An Alabama Man Had His Hand Amputated. He Blames Excessive Force by Police. Now the Case Is Heading to Trial.

Giovanni Loyola
Giovanni Loyola (above) will head to trial on April 15.Handout

Giovanni Loyola claims that he told "Deputy Godber that the handcuffs were too tight, that they were hurting his wrists, and that one of his hands was growing numb," according to the lawsuit.

An Alabama man claiming his hand had to be amputated after being put in a pair of too-tight handcuffs is heading to trial.

Deputy Christopher Godber arrested Giovanni Loyola on Feb. 16, 2020, at his mother's home in Birmingham, according to court records.

Loyola alleges in a lawsuit from 2021 filed in federal court that after being handcuffed by Deputy Godber that night, he told the deputy that the handcuffs were too tight multiple times.

After being released from jail, Loyola went to see a doctor who, after multiple surgeries, eventually amputated his hand, according to the lawsuit.

"Plaintiff used his hands to earn a living and his loss of a hand has severely impacted his ability to support himself and his family," alleges the lawsuit.

He is seeking punitive damages for unreasonable seizure and excessive force and well as injunctive relief "sufficient to protect Plaintiff from the ongoing harassment and intimidation of [Deputy Godber]," according to the lawsuit.

The case will now head to court, with the trial scheduled to start on April 15.

The Jefferson County Sheriff’s Office says that a call came in on the night in question claiming that gunshots were heard and that "there were two males fighting outside and they were seen either unloading or loading large weapons," according to the lawsuit.

Once on the scene, the deputies also claimed they "could hear loud arguing from inside the trailer," says the lawsuit.

Loyola says he was not yelling, arguing, or fighting prior to being detained by police, in his lawsuit.

Deputy Godber then knocked on the door and allegedly "reached inside the doorway, grabbed [Loyola] by the wrist and jerked him outside the home and down the steps," according to the lawsuit.

He then allegedly "slammed [Loyola] against a car, threw him to the ground and punched him in the face with his fist," before then cuffing Loyola's hands together "extremely tightly" and placing his knee on Loyola's upper back, alleges the lawsuit.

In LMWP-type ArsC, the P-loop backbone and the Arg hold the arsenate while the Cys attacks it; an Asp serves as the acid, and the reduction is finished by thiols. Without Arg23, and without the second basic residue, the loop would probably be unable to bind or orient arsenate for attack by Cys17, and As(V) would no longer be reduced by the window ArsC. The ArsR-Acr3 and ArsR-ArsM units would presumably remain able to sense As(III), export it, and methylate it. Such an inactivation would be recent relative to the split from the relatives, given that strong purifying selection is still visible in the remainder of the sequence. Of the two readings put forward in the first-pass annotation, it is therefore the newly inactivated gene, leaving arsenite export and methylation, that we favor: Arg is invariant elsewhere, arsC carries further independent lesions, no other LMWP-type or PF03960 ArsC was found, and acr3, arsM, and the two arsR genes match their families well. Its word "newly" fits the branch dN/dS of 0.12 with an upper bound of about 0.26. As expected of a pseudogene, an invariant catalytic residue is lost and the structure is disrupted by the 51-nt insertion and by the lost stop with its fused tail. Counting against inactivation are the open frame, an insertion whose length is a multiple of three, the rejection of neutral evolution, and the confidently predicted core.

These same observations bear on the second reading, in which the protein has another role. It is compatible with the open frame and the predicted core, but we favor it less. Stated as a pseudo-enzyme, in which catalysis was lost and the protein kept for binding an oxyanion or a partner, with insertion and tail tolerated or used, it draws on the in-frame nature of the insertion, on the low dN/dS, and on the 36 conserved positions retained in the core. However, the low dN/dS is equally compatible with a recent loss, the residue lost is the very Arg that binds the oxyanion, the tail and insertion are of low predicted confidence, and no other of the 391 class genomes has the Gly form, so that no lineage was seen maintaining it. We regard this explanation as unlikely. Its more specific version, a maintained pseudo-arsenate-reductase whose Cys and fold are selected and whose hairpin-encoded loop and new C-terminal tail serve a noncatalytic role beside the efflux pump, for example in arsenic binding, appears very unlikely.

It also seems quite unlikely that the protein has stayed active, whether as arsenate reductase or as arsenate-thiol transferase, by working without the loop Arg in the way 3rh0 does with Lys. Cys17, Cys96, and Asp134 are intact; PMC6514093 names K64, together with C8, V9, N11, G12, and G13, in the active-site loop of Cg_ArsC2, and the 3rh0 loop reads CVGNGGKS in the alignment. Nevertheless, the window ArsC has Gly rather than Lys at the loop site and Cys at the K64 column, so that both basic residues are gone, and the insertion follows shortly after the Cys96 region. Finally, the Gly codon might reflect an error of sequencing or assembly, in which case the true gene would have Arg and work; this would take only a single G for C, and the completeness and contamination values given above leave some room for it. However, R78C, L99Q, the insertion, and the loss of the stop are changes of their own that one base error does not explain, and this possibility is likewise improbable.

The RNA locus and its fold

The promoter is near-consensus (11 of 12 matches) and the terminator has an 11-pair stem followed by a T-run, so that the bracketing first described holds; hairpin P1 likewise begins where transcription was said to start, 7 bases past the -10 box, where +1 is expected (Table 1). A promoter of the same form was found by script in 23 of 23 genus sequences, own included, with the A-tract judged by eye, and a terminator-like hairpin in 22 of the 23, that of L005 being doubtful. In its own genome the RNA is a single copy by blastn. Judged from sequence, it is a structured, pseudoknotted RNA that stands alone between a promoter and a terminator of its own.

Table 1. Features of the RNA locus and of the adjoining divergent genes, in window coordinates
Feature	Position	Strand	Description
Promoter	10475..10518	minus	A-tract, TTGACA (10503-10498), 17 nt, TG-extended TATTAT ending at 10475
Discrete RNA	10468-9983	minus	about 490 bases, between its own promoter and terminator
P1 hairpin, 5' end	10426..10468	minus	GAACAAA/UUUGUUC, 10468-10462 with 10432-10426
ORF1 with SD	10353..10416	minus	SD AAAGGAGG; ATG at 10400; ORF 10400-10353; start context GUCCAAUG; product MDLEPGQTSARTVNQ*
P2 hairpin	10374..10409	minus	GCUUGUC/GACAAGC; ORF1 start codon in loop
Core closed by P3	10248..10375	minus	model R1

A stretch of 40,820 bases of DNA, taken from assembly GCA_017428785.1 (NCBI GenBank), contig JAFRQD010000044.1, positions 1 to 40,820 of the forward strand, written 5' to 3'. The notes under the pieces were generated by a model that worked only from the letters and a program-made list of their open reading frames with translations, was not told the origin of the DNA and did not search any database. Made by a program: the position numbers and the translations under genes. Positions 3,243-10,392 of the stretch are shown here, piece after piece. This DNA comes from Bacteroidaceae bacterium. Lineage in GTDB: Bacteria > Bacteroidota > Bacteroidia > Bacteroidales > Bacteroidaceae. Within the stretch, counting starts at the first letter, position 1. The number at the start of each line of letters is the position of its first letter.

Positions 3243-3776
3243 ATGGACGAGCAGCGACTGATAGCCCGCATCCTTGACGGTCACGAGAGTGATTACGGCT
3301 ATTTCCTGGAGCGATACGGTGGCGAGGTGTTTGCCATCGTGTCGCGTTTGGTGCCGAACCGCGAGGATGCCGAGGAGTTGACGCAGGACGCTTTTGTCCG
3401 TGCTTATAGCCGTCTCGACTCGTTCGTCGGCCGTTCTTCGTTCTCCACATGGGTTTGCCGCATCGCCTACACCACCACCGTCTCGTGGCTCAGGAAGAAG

Loyola claims that he told "Deputy Godber that the handcuffs were too tight, that they were hurting his wrists, and that one of his hands was growing numb," according to lawsuit.

The handcuffs were not loosened until hours later, according to the lawsuit, when Loyola was booked into jail on charges of disorderly conduct and resisting arrest.

He was booked into jail on Feb. 16 and released on Feb. 28, according to the lawsuit.

In the arrest report, Deputy Godber claims that Loyola was "loud" and "intoxicated" when officers arrived at the trailer.

Loyola "immediately became combative" and pushed Deputy Godber away, according to the arrest report.

Deputies then took Loyola to the ground, at which point he allegedly began struggling in order to prevent his hands from being handcuffed, says the arrest report.

A memorandum opinion from the judge says that there is no body camera footage from this part of the arrest, though there is footage of Deputy Godber appearing to slightly loosen the handcuffs at some point.

The arrest report also notes that Loyola had four outstanding warrants at the time of his arrest.

After his release, Loyola went to a doctor and was "found to have a severe problem with blood flow to his left hand and is in need of emergency surgery," says the lawsuit.

He would undergo multiple surgeries over the next year, first losing a few fingertips and then ultimately an amputation of his hand.

Lawyers for Loyola and Deputy Godber did not respond to requests for comment.

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